Voir dire on damages without fear

A review of the statutes and decisions that protect your right to challenge for cause

Mike Kelly
Ian Head
2023 January

Determining monetary damages is a central issue in every personal injury trial. Identifying and removing potential jurors who support fixed limits on damages or have preexisting biases against non-economic damages is essential in selecting a fair jury willing to follow governing law as set forth in CACI’s damage instructions. Just as defense counsel are interested to know if a prospective juror will award zero dollars if liability is not proven, plaintiffs’ counsel must be permitted to identify and challenge for cause any venire member who has hesitance in awarding damages in the full amount owed.

In recent years, defendants have increasingly sought in limine orders to impose prohibitions on a plaintiff’s right to question jurors about their willingness to award large damage verdicts or specific amounts of money if the evidence and law support such a result.

All parties have a constitutional right to a thorough attorney-conducted voir dire. Article I, section 16 of the California Constitution guarantees the right to trial by jury, and unbiased jurors are an inseparable part of that right. (People v. Hughes (1961) 57 Cal.2d 89, 95.) Plaintiffs and defendants are each entitled to engage in a “liberal and probing examination calculated to discover bias or prejudice with regard to the circumstances of the particular case.” (Code Civ. Proc. § 222.5 [emphasis added]). The form and subject matter of these questions can focus on any legal issue in the case.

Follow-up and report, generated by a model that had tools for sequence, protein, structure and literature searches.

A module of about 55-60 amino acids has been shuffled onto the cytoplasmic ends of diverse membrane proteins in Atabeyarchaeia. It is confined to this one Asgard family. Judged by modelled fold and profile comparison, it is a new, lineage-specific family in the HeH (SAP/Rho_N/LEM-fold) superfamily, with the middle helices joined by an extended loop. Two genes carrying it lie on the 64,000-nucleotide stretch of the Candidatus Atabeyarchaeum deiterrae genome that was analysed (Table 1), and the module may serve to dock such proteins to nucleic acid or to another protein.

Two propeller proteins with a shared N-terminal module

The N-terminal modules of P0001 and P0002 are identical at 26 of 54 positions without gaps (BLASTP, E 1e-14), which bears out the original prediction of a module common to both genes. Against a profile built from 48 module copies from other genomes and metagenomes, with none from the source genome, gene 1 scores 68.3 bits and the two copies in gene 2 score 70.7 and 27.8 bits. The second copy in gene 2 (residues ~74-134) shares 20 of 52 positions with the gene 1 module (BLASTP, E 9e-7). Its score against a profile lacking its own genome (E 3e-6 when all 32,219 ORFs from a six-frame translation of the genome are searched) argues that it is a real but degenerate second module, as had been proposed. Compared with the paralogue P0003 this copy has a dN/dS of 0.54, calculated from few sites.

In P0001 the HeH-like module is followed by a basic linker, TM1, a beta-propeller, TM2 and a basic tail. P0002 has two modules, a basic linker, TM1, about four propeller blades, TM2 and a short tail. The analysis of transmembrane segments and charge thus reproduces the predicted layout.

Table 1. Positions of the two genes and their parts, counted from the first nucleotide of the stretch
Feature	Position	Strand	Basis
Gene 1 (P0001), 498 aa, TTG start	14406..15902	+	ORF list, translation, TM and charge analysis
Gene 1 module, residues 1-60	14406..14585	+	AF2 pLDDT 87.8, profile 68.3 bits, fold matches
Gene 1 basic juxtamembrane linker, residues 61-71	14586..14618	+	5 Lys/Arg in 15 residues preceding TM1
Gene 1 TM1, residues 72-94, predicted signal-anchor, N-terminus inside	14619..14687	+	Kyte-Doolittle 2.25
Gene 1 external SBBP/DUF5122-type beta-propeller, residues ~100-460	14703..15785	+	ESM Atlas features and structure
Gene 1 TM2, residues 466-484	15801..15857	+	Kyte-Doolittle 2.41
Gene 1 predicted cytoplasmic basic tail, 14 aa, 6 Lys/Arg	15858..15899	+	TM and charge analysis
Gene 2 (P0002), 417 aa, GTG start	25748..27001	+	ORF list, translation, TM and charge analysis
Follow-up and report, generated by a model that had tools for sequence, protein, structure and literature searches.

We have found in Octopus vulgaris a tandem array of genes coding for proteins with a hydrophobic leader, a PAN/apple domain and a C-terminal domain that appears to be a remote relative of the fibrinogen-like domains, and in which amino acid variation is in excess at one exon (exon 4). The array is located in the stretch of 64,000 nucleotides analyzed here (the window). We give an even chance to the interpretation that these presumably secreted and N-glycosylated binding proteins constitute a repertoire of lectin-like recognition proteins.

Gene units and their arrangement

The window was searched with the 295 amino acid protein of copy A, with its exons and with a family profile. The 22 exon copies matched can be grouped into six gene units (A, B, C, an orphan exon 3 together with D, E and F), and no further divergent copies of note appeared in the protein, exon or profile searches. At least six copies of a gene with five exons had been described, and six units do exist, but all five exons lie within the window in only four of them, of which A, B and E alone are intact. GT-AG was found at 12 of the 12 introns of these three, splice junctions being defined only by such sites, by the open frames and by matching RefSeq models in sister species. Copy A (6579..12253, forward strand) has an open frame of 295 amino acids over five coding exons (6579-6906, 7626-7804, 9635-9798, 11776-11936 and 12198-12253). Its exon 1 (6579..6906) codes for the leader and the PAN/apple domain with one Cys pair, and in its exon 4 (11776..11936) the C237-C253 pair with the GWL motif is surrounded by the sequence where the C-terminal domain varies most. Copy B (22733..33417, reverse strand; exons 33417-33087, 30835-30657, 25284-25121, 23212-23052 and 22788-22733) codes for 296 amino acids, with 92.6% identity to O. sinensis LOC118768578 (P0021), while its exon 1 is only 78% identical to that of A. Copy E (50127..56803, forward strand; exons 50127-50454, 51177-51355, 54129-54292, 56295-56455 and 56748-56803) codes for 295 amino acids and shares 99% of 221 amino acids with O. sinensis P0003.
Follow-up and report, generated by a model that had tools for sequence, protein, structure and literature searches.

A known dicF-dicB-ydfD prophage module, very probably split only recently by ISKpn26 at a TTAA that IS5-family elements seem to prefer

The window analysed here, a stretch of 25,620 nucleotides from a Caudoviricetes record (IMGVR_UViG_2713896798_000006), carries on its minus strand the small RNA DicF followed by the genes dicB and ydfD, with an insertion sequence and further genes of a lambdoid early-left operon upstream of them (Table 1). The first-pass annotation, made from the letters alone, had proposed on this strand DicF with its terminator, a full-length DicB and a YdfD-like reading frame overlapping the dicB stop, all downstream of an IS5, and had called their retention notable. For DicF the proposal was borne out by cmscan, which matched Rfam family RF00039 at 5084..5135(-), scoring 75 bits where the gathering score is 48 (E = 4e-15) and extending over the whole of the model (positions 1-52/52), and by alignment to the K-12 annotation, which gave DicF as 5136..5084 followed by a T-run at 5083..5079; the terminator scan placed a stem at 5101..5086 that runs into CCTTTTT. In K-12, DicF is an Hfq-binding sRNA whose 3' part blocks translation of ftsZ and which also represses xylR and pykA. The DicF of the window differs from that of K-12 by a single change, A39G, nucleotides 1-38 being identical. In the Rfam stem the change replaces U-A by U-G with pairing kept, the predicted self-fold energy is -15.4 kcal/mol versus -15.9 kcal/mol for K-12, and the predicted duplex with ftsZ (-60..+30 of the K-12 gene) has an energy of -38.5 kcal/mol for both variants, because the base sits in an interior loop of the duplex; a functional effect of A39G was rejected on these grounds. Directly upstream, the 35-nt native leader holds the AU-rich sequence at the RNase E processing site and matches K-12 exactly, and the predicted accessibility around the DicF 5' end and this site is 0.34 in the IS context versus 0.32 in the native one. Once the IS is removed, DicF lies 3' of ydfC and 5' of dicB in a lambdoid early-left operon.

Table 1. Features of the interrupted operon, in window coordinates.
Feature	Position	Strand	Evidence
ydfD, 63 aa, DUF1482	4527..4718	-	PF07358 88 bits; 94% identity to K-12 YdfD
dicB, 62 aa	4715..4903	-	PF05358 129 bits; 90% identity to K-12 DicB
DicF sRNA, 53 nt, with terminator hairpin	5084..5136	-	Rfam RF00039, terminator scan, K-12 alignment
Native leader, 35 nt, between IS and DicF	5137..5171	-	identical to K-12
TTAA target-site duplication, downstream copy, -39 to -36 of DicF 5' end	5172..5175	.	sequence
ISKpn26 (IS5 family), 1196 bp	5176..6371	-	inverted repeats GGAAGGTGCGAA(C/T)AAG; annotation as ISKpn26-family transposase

Biased prospective jurors who favor awarding less than the full, fair and complete damages warranted by the evidence must be identified to avoid the possibility of a jury that does not follow applicable law. “A litigant suffers prejudice when, over his protest, the court impanels a juror whose state of mind requires the challenging party to introduce evidence in excess of a preponderance to such extent as will overcome antecedent prejudices of the juror.” (Leibman v. Curtis (1955) 138 Cal.App.2d 222, 226.)

Strongly held beliefs

Whether a juror has personal, religious or philosophical reason for declining to award damages is obviously relevant. For more than one hundred years California courts have acknowledged that any juror who is prejudiced against personal-injury lawsuits is not impartial and may be challenged for cause. (Fitts v. Southern Pac. Co. (1906) 149 Cal. 310 [bias in favor of defendants in negligence cases, based on the belief that many accidents are probably caused by the negligence of plaintiffs]; Quill v. Southern Pac. Co. (1903) 140 Cal. 268 [prejudice that personal injury cases would require stronger proof than ordinary cases].)

The purpose of voir dire is to assist counsel in the intelligent exercise of both peremptory challenges and challenges for cause. (See Code Civ. Proc., § 222.5; California Rules of Court, rule 3.1540(b); Kelly v. Trans Globe Travel Bureau, Inc. (1976) 60 Cal.App.3d 195, 203; Bly-Magee v. Budget Rent-A-Car Corp. (1994) 24 Cal.App.4th 318, 324.) In the context of questioning jurors about their ability to award specific sums in voir dire, courts have expressly found that doing so is proper. (Fernandez v. Jimenez (2019) 40 Cal.App.5th 482.) The California Judges Benchbook: Civil Proceedings-Trial, describes the holding in Fernandez v. Jimenez (2019) 40 Cal.App.5th 482 as follows: